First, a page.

Allergic Reactions After Systemic Administration of Glucocorticosteroid Therapy

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To describe patients who developed allergic reactions (ie, erythema on their face and body, itching, flushing, drop in blood pressure, respiratory distress, and cold sweats) immediately after intravenous injection of prednisolone hemisuccinate (Solu-Decortin H, E Merck, Darmstadt, Germany).


Academic medical center.


Three of 4 patients had a positive reaction to an intracutaneous test with prednisolone hemisuccinate (Solu-Decortin H) but no reaction to the additive sodium succinate. The results of the prick test were negative for all patients. Although no specific IgE antibodies were detected in the serum of these patients, allergic reaction was noted in 3 cases, since standardized techniques to detect antibodies in the serum for hydrocortisone acetate (ie, prednisolone) are lacking. One female patient had a cross-reaction to prednisolone and dexamethasone (Fortecortin, E Merck, Darmstadt, Germany). A renewed application of prednisolone hemisuccinate was well tolerated by all patients when histamine1 and histamine2 receptors were blocked with the use of cimetidine hydrochloride, 200 mg twice per day (1-0-1 ampules, Tagamet, SmithKline Beecham Pharmaceuticals, Philadelphia, Pa) and dimethindene maleate, 4 mg twice per day (1-0-1 ampules, Fenistil, Novartis, Munich, Germany); calcium was given for membrane stabilization.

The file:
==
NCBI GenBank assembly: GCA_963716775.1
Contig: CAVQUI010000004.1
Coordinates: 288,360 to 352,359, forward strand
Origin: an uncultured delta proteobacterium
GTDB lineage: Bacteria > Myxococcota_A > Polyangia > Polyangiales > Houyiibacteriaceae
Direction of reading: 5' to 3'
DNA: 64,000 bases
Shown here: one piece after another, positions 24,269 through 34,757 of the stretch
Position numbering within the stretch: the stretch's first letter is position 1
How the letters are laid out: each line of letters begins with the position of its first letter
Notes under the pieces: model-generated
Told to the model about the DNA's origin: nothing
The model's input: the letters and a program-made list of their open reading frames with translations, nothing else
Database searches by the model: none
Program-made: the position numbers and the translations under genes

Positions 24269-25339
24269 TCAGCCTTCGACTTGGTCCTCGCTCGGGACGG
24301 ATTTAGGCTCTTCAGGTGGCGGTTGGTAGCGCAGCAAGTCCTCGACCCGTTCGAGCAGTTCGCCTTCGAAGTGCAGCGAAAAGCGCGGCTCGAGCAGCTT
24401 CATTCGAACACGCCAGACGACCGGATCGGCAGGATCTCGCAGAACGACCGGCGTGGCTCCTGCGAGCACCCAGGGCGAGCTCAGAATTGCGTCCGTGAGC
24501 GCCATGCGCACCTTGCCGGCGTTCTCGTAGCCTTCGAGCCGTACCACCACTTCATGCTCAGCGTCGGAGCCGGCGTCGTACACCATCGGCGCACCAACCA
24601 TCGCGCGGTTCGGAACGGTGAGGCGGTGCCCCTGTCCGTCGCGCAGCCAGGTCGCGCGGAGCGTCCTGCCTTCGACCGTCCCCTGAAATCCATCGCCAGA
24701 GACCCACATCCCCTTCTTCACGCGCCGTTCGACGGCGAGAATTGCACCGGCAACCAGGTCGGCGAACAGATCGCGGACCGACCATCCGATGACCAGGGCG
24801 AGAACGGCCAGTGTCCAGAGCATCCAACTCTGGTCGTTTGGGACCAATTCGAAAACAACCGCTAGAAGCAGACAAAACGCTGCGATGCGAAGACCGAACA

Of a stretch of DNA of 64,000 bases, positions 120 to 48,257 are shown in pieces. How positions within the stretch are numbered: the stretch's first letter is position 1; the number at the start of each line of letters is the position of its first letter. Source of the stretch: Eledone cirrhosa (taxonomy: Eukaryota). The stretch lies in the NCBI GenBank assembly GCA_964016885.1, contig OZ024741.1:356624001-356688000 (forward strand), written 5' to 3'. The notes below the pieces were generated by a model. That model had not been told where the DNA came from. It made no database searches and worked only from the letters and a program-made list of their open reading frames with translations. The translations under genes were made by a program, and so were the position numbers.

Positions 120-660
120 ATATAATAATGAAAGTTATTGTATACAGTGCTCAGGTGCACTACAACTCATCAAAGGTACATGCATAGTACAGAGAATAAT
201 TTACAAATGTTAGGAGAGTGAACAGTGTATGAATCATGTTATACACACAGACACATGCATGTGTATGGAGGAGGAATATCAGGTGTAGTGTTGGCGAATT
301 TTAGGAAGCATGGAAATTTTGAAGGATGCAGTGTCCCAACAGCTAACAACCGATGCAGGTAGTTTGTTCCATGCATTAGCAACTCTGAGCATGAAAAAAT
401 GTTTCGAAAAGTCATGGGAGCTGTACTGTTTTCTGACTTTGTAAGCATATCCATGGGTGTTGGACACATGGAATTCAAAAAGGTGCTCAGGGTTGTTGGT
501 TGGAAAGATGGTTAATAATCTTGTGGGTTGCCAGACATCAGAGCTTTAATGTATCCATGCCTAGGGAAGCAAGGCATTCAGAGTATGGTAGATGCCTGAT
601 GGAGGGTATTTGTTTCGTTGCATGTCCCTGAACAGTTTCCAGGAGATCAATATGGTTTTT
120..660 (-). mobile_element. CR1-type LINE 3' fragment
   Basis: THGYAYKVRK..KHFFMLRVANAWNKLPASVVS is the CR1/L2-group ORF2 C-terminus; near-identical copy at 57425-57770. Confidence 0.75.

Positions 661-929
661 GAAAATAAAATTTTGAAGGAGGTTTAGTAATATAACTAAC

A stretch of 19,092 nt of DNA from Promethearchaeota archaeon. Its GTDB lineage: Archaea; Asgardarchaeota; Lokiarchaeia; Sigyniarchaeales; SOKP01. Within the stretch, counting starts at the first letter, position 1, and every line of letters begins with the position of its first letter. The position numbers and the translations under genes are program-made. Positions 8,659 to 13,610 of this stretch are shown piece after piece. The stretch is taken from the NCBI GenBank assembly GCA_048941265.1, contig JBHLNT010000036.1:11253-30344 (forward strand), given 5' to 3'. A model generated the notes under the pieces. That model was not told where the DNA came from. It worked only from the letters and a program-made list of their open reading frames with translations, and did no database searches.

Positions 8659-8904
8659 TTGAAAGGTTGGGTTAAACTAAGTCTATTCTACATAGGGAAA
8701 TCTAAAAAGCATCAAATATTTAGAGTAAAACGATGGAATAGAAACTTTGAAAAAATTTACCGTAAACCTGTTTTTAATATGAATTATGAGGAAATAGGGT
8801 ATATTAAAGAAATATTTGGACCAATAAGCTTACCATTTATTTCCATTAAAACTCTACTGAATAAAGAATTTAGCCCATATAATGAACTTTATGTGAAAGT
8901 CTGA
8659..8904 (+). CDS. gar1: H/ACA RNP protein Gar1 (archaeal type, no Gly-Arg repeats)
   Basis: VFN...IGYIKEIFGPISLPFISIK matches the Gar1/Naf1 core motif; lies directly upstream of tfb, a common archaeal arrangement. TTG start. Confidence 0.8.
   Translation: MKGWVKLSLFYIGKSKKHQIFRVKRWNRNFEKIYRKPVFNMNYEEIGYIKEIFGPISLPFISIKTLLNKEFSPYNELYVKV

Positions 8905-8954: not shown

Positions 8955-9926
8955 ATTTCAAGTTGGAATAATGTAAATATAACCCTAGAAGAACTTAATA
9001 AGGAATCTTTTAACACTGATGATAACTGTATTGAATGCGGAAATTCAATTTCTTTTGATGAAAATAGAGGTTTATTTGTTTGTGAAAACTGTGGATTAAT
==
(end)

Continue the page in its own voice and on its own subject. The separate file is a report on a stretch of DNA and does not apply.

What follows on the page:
Allergic reactions to glucocorticoid therapy are only occasionally mentioned in the literature. These reactions appear more often when glucocorticoids are applied topically and may lead to dangerous complications in patients if administered systemically. Therefore, when allergic reactions result from glucocorticoid therapy, (immediate-type reactions should be suspect), consider corticosteroid allergy as a differential diagnosis.

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